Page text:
We spent the day at Sedona and took the two-hour drive down to the South Rim. The drive was stunning in itself but also offers many sightseeing spots en route. But the real wonder comes when you enter the gates and witness the majesty of the canyons. There is nothing more surreal and breathtaking than your first time looking out at the Grand Canyon
We first stopped @ Mather Point. Here, I was in complete awe of the constantly changing colors and the breathtaking rugged landscapes. Standing at the edge of the south rim and looking out at the intense intimidating depth, I felt an electric pull to its vastness.
From Mather Point, we made our way to the South Kaibab trailhead. From here, we planned to hike about a mile of the trail to Ooh Aah Point and then turn around. Even at just a few feet below the canyon walls, the view was amazing. As we kept descending, I was completely baffled as the walls began to tower around us. And before we realized, we reached the ooh-aah point.
We took the Hermit Road drive shuttle next. This route offers the best views of Grand Canyon’s most famous scenic vistas including Hopi Point, Pima Point, and Hermits Rest. Hermit’s road connects with the relatively flat Rim Trail giving you the option to wander along the rim at your own pace and get back on the bus when you’re ready.
Hermits Rest built in 1914 and designed by architect Mary Colter, Hermit’s Rest was originally built as a rest area for tourists on coaches operated by the Fred Harvey Company who were traveling to the now-vanished Hermit Camp. Located at the western end of Hermit Road, the structure was built to resemble an old miner’s cabin or hermit’s hideaway.
Pima Point overlooks 40 miles of rugged canyonlands, from Bright Angel Canyon to the east to Powell Plateau and the Great Scenic Divide to the west. The scenic overlook is one of the best places to see and sometimes hear the Colorado River. The splash and grind of Granite Rapids below can be heard echoing up the canyon walls on quiet days.
At the small Monument Creek Vista, you can look over the edge of the canyon and see the Monument Creek joining the Colorado River to create some pretty violent rapids. Monument Creek Vista also marks the start of the Greenway Trail.
Unlike other scenic viewpoints along Hermit Road, The Abyss doesn’t protrude out into the canyon. It is a steep hollow indented in the canyon walls that drops vertically almost 3,000 feet into the Grand Canyon to the Redwall Formation.
Mohave Point boasts several small overlooks clustered together and wondrous views of sandstone mesas, the Colorado River, and the nearly 3,000-foot tall vertical cliffs that make up The Abyss between Mohave Point and Pima Point.
Hopi Point is the point along Hermit Road. It sticks out farther north into the canyon than any other scenic viewpoint on the Grand Canyon and offers the most amazing views on the South Rim. From Hopi Point, you can see Dana Butte 2000 feet below the overlook, the Shiva Temple, and Zoroaster Temple formations, as well as Isis Temple, Horus Temple, and Osiris Temple on the North Rim.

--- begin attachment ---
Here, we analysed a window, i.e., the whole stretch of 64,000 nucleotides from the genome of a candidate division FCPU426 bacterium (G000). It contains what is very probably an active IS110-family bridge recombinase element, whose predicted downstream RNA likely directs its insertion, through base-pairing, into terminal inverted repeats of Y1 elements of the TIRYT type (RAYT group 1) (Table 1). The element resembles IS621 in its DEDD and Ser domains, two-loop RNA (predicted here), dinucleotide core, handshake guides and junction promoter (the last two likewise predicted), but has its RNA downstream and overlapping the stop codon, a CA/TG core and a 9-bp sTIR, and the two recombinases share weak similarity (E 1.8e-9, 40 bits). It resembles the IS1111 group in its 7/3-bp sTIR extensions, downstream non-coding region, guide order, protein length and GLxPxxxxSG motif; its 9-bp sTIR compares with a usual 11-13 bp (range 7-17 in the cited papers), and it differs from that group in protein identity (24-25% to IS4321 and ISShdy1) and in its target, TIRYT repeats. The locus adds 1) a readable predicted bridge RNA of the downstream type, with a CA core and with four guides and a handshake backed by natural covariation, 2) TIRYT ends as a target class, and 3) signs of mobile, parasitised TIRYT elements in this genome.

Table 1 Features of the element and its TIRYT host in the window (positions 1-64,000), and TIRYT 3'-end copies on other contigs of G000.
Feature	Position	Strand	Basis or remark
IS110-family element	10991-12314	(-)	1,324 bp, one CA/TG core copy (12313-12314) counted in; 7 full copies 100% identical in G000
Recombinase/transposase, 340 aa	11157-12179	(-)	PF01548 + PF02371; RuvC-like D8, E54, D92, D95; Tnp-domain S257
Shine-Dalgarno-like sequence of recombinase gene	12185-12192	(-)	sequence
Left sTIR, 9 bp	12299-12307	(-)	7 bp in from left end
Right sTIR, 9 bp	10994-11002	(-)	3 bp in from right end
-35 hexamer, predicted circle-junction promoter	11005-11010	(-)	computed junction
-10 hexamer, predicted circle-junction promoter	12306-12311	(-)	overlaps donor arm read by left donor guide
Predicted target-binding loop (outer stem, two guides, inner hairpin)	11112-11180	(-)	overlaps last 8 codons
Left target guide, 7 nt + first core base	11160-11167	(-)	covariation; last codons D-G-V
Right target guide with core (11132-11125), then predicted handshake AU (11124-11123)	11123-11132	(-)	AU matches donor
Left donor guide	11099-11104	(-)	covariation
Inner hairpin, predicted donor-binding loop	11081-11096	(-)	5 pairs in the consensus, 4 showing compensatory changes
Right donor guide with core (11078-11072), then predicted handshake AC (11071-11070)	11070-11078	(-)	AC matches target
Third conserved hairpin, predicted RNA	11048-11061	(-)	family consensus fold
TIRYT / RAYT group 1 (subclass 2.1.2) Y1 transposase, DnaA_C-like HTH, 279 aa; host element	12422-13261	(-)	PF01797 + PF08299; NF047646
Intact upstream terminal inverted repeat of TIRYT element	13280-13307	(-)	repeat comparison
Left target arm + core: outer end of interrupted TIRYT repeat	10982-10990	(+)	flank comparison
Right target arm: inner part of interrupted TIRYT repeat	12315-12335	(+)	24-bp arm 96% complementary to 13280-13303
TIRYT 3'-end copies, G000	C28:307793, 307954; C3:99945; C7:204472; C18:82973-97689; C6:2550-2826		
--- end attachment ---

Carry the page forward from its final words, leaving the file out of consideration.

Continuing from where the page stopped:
Powell Point off Hermit Road features spectacular and colorful panoramic canyon views. You can also see the Powell Memorial here, which honors the pioneering Grand Canyon explorer John Wesley Powell, who led the first recorded journey down the Colorado River in 1869, and again in 1871-1872.
At Maricopa Point, the edge of the canyon sticks out about 100 feet to form a narrow promontory that offers breathtaking 180-degree panoramic views of the Grand Canyon. From this viewpoint, you can see the majestic Battleship formation, a portion of the Tonto Trail snaking around Horn Creek and Dana Butte, and parts of the Bright Angel Trail at Garden Creek.
With multiple sets of stairs leading to two large observation platforms, The Trailview Overlook offers breathtaking views of the Grand Canyon Village, the Bright Angel Trail, and the canyon below. From the overlook, you can see the Bright Angel Trail switchbacking down the canyon and tiny specs that are the hikers making their way up or down the trail.
The last stop on the route is at Desert View Watchtower. Climb the steps up the Desert WatchTower and you’ll get a very visual reminder that you’re standing firmly on volcanic terrain. On a clear day, you could see well over 100 miles out into the canyon
My heart and memories are forever marked with this place and the desire to go back. The Grand Canyon was definitely one of the highlights and most enjoyable stops of our Phoenix to Vegas road trip!